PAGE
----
By Claire Rampen, Telefonica Millennial leader
When ‘influence’ is discussed in the media, talk often turns to its negative impacts; the focus is on children who are growing up too quickly, or an epidemic of violence and sexualisation in young people. And what about the root of these influences? More often than not, we are quick to identify key reasons, in the form of products or media channels, and vilify them. Sometimes it can feel like we are fighting a never-ending fire.
So what about when we analyse ‘influence’ in the neutral sense of the term? What about if we could look at influence as a key enabler that we can disrupt, and then leverage to implement wide-scale positive change? What if educational initiatives (in the many forms that they do and will take) could take that top spot?
The Telefónica Global Millennials Study 2014 reveals some useful insights on the topic of influence; family and friends have a significantly higher influence on Millennials (77%) than the educational institutions that they attend, particularly in the US and Western Europe.
The important thing to remember is that we cannot assume that this influence from family and friends is necessarily beneficial to Millennials or the generations that come after them. Certainly, parents can help instil a sense of responsibility or accountability in their children; they can guide them into ‘useful’ further education courses; they can inspire them to achieve greatness. But as Millennials face entirely different working conditions, aspirations and environmental challenges, it is safe to say that the age we are navigating is one without precedent.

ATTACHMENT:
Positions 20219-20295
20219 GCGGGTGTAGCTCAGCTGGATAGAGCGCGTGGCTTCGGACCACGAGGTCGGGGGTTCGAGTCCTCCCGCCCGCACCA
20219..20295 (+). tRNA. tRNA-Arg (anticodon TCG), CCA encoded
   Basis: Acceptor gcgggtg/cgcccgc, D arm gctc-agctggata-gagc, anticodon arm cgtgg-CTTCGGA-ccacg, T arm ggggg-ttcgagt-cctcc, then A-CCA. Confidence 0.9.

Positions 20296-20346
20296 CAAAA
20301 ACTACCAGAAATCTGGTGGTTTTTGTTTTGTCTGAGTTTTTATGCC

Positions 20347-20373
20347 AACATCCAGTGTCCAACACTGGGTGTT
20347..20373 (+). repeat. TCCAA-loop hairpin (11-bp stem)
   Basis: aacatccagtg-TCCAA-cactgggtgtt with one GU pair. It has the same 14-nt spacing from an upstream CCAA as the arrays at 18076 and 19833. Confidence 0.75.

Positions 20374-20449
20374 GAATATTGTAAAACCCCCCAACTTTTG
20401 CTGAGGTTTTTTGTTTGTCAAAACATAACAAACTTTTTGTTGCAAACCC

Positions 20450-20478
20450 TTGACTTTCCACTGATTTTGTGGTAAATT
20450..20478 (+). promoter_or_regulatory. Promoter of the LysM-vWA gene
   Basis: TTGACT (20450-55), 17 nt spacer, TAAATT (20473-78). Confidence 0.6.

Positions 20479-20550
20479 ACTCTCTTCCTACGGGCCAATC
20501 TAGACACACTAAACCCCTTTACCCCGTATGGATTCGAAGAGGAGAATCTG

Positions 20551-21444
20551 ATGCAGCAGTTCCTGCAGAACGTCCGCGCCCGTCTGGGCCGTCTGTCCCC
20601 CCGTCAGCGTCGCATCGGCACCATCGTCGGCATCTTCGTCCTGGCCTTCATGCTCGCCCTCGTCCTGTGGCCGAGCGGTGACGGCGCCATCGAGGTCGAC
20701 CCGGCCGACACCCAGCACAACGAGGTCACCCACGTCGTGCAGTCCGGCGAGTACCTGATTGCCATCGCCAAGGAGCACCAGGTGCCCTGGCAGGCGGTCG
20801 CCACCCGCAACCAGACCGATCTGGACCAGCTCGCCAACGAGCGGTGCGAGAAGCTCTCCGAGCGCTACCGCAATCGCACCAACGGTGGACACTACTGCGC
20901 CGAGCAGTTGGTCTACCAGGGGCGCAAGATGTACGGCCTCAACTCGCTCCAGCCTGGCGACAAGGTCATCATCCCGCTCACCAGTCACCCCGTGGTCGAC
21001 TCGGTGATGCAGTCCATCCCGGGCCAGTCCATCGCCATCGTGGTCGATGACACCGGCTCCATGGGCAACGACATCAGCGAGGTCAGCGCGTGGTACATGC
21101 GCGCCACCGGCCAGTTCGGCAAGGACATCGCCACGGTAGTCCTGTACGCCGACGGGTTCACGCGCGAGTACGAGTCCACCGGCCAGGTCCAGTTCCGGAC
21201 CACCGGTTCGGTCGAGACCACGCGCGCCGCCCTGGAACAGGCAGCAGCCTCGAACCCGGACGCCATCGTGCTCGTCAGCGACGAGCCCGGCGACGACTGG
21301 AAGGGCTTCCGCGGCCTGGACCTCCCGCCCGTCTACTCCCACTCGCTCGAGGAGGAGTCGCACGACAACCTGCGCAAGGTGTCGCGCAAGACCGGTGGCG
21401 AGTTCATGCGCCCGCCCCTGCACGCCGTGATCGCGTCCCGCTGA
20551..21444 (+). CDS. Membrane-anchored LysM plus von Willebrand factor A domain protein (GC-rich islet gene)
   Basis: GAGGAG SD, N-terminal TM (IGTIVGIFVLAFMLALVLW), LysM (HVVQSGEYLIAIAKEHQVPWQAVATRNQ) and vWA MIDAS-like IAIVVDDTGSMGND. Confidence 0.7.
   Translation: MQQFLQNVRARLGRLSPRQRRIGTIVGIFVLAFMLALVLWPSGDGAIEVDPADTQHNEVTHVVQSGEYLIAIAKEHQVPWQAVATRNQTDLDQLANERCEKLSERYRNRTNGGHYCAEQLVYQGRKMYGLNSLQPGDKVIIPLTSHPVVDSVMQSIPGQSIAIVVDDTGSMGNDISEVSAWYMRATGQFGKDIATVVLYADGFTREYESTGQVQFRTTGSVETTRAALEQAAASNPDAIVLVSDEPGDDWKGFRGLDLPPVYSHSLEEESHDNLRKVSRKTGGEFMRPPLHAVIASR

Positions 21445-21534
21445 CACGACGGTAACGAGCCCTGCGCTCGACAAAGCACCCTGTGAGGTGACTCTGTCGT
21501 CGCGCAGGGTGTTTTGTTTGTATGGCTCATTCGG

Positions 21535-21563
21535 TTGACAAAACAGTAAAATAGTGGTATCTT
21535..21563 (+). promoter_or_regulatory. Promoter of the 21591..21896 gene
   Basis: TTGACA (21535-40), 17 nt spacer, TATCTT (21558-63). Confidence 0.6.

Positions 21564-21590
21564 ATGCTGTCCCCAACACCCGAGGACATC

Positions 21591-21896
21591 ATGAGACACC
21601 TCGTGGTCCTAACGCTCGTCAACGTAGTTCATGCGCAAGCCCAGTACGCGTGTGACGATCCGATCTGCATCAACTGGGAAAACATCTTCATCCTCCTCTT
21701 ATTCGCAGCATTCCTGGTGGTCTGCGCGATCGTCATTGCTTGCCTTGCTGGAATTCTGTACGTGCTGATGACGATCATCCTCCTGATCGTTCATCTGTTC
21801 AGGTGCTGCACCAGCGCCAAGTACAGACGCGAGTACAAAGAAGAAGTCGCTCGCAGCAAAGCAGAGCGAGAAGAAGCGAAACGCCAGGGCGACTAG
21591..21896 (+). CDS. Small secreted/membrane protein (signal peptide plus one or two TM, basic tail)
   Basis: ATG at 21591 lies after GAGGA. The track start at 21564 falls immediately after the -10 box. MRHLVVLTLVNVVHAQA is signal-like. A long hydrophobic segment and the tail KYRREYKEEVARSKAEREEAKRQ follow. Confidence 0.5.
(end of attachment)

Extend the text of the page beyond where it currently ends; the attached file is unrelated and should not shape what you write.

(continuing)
So that begs the question; are we playing a dangerous game if families and friends continue to have a leading role in influencing these generations? What about those whose parents are not fully aware of the challenges their children’s generation, Millennials or otherwise, face? We are currently preparing students to work in jobs and markets that don’t yet exist. To what extent are we limiting these students if education cannot or does not have the impact it needs to?
If we want to open up the possibilities that the future holds for us, rather than perpetuate the imbalanced social structure of our current society, we must ensure our education systems are up to the task of educating everyone for the future and influencing young people to seek innovative solutions to the unforeseeable challenges we will no doubt be facing with the rapid pace of technological development.
So here is our challenge, and one that we can all contribute to: increase and promote the accessibility and relevance of educational channels and, in turn, their influence.